First, it may seem like questions about your ethnicity are more direct than “Where are you really from?”. And well, although it may be closer to the person’s intention of understanding why we don’t look or sound like them, it’s actually a very complicated question.

How would you answer the question: what’s your ethnicity?

By the time you’re an adult you’ve probably answered it by choosing a box on an official, institutional form (Black, Asian, White, etc.). Maybe it’s “Other”, maybe you choose it if you’re mixed race or adopted or don’t know. And today, in some countries (i.e. United Kingdom) you can even write in your own ethnicity.

Which brings me to two ways we can actually view ethnicity:

  1. How institutions/governments or others (friends, co-workers) define your ethnicity.
  2. How you define your ethnicity.

When others (including institutions) define your ethnicity it comes from a reference point (based on historical policy). It’s how they (policymakers) view and group people together to create a narrative that serves multiple purposes.

At a societal level, it allows for resource allocations (time and money) and research inquiries and policy formation (law and order). Often, efficiency and self-interests interfere with societal effectiveness.

At a personal level, our brains want efficiency as well. It organises information about others into common stories or narratives. This allows the brain to do its one job: running efficiently. This helps us survive while riding a bike, thinking and conversing (and today using our hand held devices).

It’s, by far, more efficient for the brain to notice a difference in another and fit it into a predetermined narrative than it is for it to spend time and energy to evaluate all the differences it comes into contact in one day. And then decide if this difference is “safe” for our survival. And to do so for similar “differences” we encounter multiple times would run the brain amuck.

This is what happens in mundane, small talk conversations where questions like “where are you from” or “what’s your ethnicity?” create an efficient (and instant) way of determining who the other person is (erroneously linking ethnicity to our identity) and thereby determining safety. When our responses to these questions match societal standards, our brain also benefits from responding in familiar patterns.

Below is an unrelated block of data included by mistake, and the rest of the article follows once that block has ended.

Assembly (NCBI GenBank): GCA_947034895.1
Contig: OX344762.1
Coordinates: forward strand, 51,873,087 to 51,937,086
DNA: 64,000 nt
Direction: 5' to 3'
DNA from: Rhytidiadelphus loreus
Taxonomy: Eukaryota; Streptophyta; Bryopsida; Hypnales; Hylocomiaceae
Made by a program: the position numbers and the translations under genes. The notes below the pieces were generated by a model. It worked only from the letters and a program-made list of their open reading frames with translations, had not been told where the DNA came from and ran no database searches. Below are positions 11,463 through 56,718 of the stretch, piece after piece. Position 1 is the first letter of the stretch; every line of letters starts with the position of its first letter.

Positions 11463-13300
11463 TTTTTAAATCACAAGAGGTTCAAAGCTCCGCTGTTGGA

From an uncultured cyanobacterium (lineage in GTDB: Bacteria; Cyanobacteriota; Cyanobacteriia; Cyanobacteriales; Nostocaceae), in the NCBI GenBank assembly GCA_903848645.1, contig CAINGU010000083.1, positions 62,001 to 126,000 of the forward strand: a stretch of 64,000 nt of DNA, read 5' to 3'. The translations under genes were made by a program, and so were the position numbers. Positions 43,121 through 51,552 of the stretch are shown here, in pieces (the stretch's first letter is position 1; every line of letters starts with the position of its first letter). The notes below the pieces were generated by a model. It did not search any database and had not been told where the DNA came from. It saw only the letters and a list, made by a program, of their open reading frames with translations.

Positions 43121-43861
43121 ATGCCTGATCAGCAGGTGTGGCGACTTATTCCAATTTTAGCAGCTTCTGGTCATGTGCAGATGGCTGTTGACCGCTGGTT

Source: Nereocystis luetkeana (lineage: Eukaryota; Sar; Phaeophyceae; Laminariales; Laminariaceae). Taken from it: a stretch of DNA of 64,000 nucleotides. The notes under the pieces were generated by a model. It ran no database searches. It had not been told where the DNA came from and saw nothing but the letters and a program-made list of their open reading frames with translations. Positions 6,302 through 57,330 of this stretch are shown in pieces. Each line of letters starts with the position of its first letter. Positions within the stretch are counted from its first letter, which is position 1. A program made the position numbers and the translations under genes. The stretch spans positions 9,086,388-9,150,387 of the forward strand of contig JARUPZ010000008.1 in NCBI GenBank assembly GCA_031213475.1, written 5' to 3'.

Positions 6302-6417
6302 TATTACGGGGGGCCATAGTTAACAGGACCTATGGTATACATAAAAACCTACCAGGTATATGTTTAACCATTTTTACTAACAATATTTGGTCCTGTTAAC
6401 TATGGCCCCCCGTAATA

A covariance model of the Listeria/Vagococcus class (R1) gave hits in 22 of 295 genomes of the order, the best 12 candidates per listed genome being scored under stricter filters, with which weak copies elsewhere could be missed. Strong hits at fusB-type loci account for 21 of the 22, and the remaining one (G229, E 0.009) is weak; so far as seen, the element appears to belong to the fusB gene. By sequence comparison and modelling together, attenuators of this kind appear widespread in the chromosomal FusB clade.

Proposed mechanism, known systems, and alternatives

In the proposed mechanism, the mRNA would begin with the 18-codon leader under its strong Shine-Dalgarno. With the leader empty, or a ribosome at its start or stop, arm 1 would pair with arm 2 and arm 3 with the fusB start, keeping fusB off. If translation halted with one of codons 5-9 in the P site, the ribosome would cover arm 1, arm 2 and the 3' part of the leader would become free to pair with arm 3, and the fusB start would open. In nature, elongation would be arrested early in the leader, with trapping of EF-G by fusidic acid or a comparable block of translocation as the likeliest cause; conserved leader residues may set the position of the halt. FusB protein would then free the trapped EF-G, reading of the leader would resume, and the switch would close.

But what is your reference point? That’s maybe the more salient question before deviating from society standards.

No doubt, it’s been influenced by society, culture, history, those official forms I mentioned above, media, and our family and experiences. We learn various reference points all throughout childhood and early adulthood.

Deciding how you reference your own ethnicity is, in essence, your power, your story. Your reference point is for you, not for anyone else. You get to decide knowing you can choose your reference point consciously and that you don’t need to condense it for someone else to hear your story better.

Your reference point might be the test you took to find out your lineage, it may come from the stories of your parents or it may come from your earliest memory of home.

However you choose your reference point, your story can be a part of the “everyday” narrative in society. It may not matter to the person asking the question but your story with all its differences has a place in all parts of society, ultimately to become part of the everyday narrative in society.

When we’re asked the ethnicity question, we can consciously choose to answer how we want. We can, then, change the dynamic of any conversation for ourselves. When we’re enabled to influence organisations in their reference points for the betterment of humanity, we change the world in which we experience.

I discuss the ethnicity question in relation to my personal experience and my learning from the book by Manning Nash as well as the docuseries, Enslaved, in the podcast episode 2: What’s your ethnicity?.